Wednesday, October 5, 2011

Wednesday's Thoughts on Teshuva - The Rabbi Mansour Derasha Vol I

Last night, Mrs KB and I went to see R' Mansour give a teshuva derasha in Far Rockaway. I will attempt to summarize the derasha in this post, but cannot hope to replicate the awe inspiring delivery. Same rules as usual apply - I have attempted to reproduce the derasha to the best of my ability. Any perceived inconsistency is the result of my efforts to transcribe the shiur and should not be attributed to R' Mansour.

R' Mansour began the derasha by making reference to Devarim 30:12 wherein the Torah states (I paraphrase) that the Mitzva which Hashem is commanding today is not far away or in the heavens or across the sea, as it is very near.

R' Mansour observed that while the Torah talks about how the mitzva is at hand and accessible, it does not actually tell the reader which mitzva it is speaking about. However, the Ramban explains that the mitzva is teshuva.

R' Mansour then asked why does Hashem tell us that the mitzva of teshuva is easy to accomplish, when we are not given similar encouragement as to the mitzvos of keeping Shabbos or Pesach?

Before answering the above question, R' Mansour analogized the mitzva of Teshuva to dieting. A person who starts a diet will be enthusiastic in the beginning, but then may lose interest as time passes. Similarly, a person who accepts to do Teshuva may start off very gung ho, but may lose his enthusiasm as time passes. Also, much like dieting, once a person gets to his level of observance that he has strived to reach, he may have issues maintaining the level of frumkeit.

R' Mansour next made reference to the Ari who discusses the mitzva of wearing a tallis at Kol Nidrei. It is accepted that men should come to shul early, specifically before sunset so that they can put on a tallis and make a brocha on it before shekiya. This is a sign that we are trying to observe as many mitzvos as we can before Yom Kippur. However, there is another opinion that on Yom Kippur eve we never make a brocha on the tallis, even if we arrive early, as the tallis is not ours, it belongs to Hashem.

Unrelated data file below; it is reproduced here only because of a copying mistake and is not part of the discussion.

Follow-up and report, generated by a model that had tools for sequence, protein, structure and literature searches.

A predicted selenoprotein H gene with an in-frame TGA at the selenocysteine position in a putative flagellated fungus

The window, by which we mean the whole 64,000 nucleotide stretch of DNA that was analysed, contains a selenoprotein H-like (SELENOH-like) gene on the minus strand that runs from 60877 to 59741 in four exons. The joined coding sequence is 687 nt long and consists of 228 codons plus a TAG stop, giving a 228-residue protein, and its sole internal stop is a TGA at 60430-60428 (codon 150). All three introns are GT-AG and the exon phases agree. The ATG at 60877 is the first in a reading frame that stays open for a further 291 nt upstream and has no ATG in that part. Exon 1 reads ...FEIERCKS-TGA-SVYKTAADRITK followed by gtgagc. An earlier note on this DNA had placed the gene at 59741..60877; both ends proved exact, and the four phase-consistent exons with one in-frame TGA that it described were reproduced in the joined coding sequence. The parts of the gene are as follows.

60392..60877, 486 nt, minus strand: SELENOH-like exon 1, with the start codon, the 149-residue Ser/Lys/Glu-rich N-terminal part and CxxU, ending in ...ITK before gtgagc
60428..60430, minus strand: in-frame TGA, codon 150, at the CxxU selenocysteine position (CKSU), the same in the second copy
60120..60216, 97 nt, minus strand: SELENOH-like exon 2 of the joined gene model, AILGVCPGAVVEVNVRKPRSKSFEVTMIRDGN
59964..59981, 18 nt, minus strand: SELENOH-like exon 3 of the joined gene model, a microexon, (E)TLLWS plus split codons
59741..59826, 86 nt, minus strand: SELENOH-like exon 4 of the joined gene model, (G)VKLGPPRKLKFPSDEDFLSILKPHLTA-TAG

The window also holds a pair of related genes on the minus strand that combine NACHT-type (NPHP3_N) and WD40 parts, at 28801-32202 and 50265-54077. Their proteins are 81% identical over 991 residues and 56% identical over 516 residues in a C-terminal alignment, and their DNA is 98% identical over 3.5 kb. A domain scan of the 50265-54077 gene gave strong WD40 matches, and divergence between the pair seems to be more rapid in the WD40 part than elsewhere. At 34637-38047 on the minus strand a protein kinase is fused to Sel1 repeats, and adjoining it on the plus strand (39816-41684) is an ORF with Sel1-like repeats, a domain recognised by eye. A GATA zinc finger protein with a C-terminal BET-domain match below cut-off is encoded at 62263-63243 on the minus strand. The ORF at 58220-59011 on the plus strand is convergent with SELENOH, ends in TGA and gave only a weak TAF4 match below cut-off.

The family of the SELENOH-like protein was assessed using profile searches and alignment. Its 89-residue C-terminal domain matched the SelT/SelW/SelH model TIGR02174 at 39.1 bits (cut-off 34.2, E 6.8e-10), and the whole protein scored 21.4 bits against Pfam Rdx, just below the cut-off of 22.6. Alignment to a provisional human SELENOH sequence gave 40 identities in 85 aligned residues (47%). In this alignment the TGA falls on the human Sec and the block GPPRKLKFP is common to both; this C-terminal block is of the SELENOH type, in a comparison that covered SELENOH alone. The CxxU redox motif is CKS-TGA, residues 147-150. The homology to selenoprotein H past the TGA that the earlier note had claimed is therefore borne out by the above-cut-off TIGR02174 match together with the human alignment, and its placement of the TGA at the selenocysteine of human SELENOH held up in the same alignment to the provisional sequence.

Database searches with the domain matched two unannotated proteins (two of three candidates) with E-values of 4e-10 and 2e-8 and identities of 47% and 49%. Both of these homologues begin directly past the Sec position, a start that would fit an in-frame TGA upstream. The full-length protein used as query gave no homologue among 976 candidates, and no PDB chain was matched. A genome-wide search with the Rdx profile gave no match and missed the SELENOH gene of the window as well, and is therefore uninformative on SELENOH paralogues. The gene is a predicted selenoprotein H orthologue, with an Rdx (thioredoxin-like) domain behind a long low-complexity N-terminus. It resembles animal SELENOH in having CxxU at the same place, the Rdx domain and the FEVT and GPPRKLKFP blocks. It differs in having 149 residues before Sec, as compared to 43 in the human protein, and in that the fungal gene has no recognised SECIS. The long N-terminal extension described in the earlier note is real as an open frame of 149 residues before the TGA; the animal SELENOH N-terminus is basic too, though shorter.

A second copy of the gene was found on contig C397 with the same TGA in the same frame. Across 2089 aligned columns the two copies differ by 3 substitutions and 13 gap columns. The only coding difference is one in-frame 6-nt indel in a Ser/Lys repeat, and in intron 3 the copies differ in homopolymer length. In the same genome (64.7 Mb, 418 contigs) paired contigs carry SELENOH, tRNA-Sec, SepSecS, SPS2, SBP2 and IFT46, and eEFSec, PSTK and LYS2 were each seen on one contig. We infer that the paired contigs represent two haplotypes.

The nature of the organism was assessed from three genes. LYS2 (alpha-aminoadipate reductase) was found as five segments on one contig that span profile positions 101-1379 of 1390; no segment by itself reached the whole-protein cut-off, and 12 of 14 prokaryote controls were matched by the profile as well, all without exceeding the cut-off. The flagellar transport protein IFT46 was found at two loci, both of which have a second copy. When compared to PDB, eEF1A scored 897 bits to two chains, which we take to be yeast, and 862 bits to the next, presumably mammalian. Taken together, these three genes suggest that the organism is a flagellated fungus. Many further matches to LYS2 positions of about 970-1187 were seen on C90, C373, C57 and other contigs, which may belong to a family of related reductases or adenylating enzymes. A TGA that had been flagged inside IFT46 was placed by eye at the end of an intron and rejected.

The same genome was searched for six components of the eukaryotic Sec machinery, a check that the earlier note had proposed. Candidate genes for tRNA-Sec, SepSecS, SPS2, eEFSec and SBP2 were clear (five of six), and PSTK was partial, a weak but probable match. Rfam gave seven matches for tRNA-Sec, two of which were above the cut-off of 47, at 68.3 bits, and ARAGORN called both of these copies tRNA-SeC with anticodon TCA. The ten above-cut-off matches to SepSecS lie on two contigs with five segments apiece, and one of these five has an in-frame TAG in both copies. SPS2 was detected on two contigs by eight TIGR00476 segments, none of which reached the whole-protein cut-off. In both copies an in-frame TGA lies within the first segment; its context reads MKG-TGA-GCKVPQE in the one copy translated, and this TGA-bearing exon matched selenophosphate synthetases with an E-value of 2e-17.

With these introductory remarks in place, R' Mansour then began a novel development of the mitzva of teshuva. He quoted R' Pincus (I assume to be R' Shimshon Pincus) who states that Hashem appears to people in different "forms." Sometimes Hashem is the G-d of mercy, while other times He may be kindness or of judgment or war. But what is his "form" (R' Mansour said that k'viyochol it can be analogized to hats) for Teshuva? R' Pincus answers that Hashem comes to us in the form of a mother.

R' Mansour then digressed to discuss the roles of father and mother. A father will pick up a child and want to play with him and take him out. However when the child spits up or soils himself, the father will return him to the mother, saying - you clean up the baby. The mother then comes and cleans the baby and is not the least bit bothered by the child's stench or appearance.

This is the role that Hashem plays when a person comes to do Teshuva. The sins that a person commits soil the person's soul. R' Mansour said that there is a prayer said by Sefaradim on Yom Kippur called "Keili Meshukadi" (if I wrote it down correctly) which contains a phrase that if our neighbors could truly "smell" us they would run away from us.